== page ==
Book Review : David Bowles - Chupacabra Vengeance (2017)
Not everybody appreciates border fiction. It can be a quite powerful and profound experience but it's not what everybody is seeking from books, you know? It's like hard liquor. Not everybody appreciates a good corrosive burn. The mix or real, imaginary and various cultural folklores can be quite intoxicating if a little robust and it ends up attracting people looking for a particular type of experience. David Bowles' new short story collection Chupacabra Vengeance is a little too diverse to be labeled border fiction, but that's what makes its appeal. It's a head trip into an alternate universe where reality and fantasy are one and the same. It's still somewhat of a challenging read but it will appeal to fans of several genres ranging from Western to Kaiju.
I haven't figured out if the stories of Chupacabra Vengeance are occurring within the same universe but there is such a remarkable consistency to David Bowles' imaginary, I figured they did. The collection is separated in five thematic sections with cryptic titles: Bleak Border, Spiritual Protectors, Dark Grimoire, Hard Road to the Stars and Hound of Heaven, which each explored a layer of Bowles rich and complex universe. I've enjoyed the first two parts better because it was clearer to me what they were about: the stories of Bleak Borders are a supernatural reimagining of border fiction which shrewdly borrows from pieces of American culture such as video games * and Spiritual Protectors explores the disconnection between those who only perceive flat realities and those who have access to other realms. Lots of cultural references of this book have eluded me, so you'll have to take it for what it's worth. I spent my reading time in a state of childlike wonder like a dog on a car ride.
But I digress here. A short story collection such as Chupacabra Vengeance requires a more conceptual outlook to do it justice: it's a book about the power of spirituality. David Bowles' "spiritually attuned" protagonists can see the evil lurking behind everyday bullshit. In Barbie Versus El Puma Negro for example, the priestess who narrates the story is facing a zombie luchador controlled by the town's corrupt mayor and a shadowy religious figure. Not only the story conveys (accurately) that entertainment ultimately has a pacifying purpose, but David Bowles also hints that only spirituality allows you to see that seduction for what it really is, which is not false. The crowds are delighted to see El Puma Negro back from the dead. They're too happy and satisfied to even question it. Only the protagonist sees the situation for what it truly is. If this story doesn't even make you even slightly curious about Mexican culture, I don't know what will.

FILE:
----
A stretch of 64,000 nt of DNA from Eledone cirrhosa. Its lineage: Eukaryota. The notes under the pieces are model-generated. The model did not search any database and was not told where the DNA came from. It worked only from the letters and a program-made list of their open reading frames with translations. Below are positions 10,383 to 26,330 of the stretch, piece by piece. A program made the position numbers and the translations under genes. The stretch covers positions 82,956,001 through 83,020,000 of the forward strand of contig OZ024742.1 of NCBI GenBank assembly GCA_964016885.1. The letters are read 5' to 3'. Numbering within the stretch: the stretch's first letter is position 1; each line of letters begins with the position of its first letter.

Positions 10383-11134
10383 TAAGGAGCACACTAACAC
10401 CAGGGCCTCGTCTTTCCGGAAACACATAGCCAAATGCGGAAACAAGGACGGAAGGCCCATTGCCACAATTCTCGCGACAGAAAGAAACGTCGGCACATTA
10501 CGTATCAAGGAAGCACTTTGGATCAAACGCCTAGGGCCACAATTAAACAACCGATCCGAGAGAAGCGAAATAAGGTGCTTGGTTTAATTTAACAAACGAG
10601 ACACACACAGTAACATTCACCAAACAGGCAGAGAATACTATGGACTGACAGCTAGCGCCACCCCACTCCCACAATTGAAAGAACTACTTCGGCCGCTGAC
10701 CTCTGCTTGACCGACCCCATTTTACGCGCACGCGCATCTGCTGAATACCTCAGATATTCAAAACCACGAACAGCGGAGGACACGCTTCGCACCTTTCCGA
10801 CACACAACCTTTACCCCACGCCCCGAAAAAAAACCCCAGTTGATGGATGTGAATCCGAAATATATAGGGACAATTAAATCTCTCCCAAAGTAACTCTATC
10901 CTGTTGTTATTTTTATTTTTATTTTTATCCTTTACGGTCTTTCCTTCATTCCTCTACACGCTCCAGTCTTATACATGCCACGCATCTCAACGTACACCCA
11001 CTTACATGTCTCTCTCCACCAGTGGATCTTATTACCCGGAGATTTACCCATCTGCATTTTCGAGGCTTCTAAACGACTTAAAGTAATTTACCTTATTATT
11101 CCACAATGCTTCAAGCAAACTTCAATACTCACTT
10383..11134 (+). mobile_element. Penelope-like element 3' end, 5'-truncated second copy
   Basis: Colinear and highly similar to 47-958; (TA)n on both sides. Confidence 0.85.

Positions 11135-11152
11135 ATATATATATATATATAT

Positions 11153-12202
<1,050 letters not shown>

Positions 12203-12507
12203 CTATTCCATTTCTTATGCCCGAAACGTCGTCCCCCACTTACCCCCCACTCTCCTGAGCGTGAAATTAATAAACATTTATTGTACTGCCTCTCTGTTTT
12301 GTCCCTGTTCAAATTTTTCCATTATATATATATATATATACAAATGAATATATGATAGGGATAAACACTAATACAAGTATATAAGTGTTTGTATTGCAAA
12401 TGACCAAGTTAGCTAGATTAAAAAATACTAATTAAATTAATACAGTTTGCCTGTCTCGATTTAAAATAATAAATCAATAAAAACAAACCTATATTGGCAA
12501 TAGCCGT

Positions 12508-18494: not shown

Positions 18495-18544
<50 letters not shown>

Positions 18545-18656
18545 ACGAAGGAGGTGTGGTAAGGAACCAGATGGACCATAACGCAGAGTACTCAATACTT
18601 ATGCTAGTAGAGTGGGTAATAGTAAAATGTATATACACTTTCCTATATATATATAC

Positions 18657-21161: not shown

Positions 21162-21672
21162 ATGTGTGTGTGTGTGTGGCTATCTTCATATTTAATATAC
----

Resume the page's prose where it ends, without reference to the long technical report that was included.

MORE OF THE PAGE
Another story worth discussing is further details is the opener Aztlan Liberated, where a ragtag military unit taking on itself to liberate the sacred land of Aztlan from a Chupacabra invasion with a nuclear bomb. This story is interesting for many reasons but mainly it features a clear, inhuman protagonist which is NOT the agent of destruction. Destruction is portrayed as the solution to a transcendent menace in Aztlan Liberated, which highlights the notion of sacrifice. The options available to the characters are to either live in fear or wipe everything away and start over. The nuclear bomb here symbolizes self-determination: it is a surefire way of wiping the enemy off the face of the Earth without necessarily assuring your survival. Aztlan Liberated brings up questions of legacy and immortality, which once again bridges the gap between the mortal and the spiritual world without engaging into a esoteric discourse. When at his best, David Bowles seemlessly bridges the gap between North, Central and South American cultures.
I've enjoyed Chupacabra Vengeance but I'm one of these people who read border fiction just because I enjoy it. David Bowles dynamic mix of genres and hybrid imaginary made the experience of reading him for the first time pleasantly disorienting for me. The scope and cultural influences of Bowles' stories is so large that some material has eluded me, but Chupacabra Vengeance always remained unpredictable and entertaining and that's really all you can ask in all fairness. This is a good book although you do need an interest in border stories in order to appreciate it. The sprawling paradigm David Bowles created is extremely ambitious and rewarding for the adventurous readers who will go down that road. That said, it's good to see Broken River Books back in the game, delivering their own brand of out-of-the-box genre fiction. Chupacabra Vengeance will be released on February 15, mark that date on your calendar!